Digiday covers that latest from marketing and media at the annual Cannes Lions International Festival of Creativity. More from the series →
This is the first story in our coverage of the Cannes International Festival of Creativity, held in Cannes, France from June 16-22. It is brought to you by Centro, a provider of media services and software that aims to improve campaign performance and digital media teams’ productivity.
More than 10,000 people will descend upon the French Riviera next week for the Cannes Lions festival to celebrate the most creative work the ad industry has to offer and to drink rose in the sun on the company’s dime. Ad execs say there’s still value in the event despite the growing cost of entry fees, hotel rooms, parties and yachts that many of their companies pay for. Here’s a glimpse into what a week on the Riviera really costs.
Lions award entries start at around $580 each but climb as high as $1,700 for submissions to the “Titanium and Integrated” categories. Given that most agencies that enter do so in as many categories as they possibly can, those submission fees quickly rack up. This year, almost 36,000 entries cost an estimated total of $25 million.
It’s actually possible to find relatively inexpensive accommodation for the festival using sites like Airbnb, but agency executives tend to favor luxury hotels overlooking the beach. That’s going to cost you. A two-bedroom, sea-view suite at the Carlton Hotel costs around $8,500 for the week, for example, while a “junior” suite at the Majestic Barriere can be yours for just $5,000. If you’re going all-out there’s the super-exclusive Hôtel du Cap-Eden-Roc located a few miles off the main strip, too, with prices that can stretch to three-figures for one of its ocean-view villas.
Regardless of what some attendees may claim, a huge part of the festival’s appeal is the parties that agencies, media companies and other vendors host there. They don’t come cheap. According to sources, a full party for around 400 people including food, drinks and music from a live band or DJ typically costs around $150,000. Pull in a big-name act for the evening, and you’re probably looking at closer to $200,000.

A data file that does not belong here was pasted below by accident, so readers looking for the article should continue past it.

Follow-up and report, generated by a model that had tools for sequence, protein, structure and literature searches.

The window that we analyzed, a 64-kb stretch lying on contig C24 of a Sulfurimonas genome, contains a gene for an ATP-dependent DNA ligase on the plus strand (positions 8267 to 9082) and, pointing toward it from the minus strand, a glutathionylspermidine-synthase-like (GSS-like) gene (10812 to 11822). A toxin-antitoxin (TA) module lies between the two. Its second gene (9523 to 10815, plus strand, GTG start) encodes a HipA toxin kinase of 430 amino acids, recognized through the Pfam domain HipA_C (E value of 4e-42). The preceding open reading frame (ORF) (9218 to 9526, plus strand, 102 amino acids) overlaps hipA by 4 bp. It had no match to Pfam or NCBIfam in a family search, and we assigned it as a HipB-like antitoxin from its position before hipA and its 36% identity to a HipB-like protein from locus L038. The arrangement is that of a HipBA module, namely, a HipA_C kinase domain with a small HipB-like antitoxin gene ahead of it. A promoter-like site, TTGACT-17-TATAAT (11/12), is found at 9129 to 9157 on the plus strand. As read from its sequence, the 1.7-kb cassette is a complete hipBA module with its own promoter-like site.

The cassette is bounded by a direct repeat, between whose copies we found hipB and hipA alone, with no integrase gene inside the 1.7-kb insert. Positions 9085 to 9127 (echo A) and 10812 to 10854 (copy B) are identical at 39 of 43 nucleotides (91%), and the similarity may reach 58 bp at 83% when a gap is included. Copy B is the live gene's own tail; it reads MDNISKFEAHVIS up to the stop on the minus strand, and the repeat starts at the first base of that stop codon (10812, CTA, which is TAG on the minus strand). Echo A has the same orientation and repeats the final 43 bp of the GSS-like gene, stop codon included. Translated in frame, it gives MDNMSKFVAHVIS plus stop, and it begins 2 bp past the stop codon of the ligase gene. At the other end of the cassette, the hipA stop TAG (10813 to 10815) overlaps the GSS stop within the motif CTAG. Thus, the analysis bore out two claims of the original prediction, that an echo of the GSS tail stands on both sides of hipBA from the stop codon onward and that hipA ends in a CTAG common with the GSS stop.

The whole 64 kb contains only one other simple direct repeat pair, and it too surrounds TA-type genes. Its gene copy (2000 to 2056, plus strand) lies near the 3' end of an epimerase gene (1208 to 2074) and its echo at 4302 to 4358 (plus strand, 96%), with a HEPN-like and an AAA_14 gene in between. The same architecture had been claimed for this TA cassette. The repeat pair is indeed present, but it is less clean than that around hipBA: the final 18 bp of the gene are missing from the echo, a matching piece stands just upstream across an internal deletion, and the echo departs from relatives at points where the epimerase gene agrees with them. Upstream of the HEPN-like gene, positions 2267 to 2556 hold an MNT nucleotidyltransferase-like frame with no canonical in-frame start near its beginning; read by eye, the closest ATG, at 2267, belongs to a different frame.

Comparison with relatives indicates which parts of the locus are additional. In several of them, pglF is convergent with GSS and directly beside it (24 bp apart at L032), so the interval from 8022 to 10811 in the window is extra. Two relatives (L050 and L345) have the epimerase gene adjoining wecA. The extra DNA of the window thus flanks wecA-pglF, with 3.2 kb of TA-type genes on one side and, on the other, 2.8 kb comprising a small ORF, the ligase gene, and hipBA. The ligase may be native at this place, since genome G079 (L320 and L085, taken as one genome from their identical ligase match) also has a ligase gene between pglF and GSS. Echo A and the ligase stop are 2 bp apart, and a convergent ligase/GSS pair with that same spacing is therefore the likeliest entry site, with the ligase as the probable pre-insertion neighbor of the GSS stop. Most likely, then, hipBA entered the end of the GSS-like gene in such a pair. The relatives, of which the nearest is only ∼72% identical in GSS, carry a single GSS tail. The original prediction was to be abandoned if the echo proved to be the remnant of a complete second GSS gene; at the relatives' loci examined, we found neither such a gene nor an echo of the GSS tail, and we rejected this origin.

The only ways to get around on the Riviera are by boat or by helicopter, but the latter isn’t actually as expensive as it might sound. Helicopter rides from the Nice airport direct to Cannes cost around $200 per person for a spot in a six-seater, but a car ride comes in at around $130 and takes at least three times as long. At least one ad vendor plans to fly agency buyers down to St. Tropez for meetings, too.
Helicopter rides are one way to get people’s attention, but yachts are another. Every year, vendors and agencies hire boats for the week on which they entertain clients with cruises up and down the Riviera. That kind of experience doesn’t come cheap, though. Boat rentals start at around $75,000, sources say, but a boat is worth next to nothing without a full crew, drinks and quality catering. Expect to pay upwards of $120,000 for the week if you want to do a yacht properly.
New for 2013, these beach-side huts are located directly next to the Palais and promise plenty of foot-traffic as well as a location to host meetings and guests. The cabanas start at around $80,000, though, and that’s before drinks and hors d’oeuvres.
On the Riviera, rose wine is the drink of choice, particularly among ad execs during Cannes Lions. Each night tables on the terrace of the Carlton Hotel — the only place to be for an up-and-coming ad exec — are adorned with magnum-sized bottles of the stuff. The cheapest magnum on the Carlton’s menu weighs in at around $140, while a single scotch or vodka will set you back $30. For a cheaper option, there’s always the Gutter Bar with its $9 beers, though you’ll have to drink them standing in the street.
Image via Shutterstock
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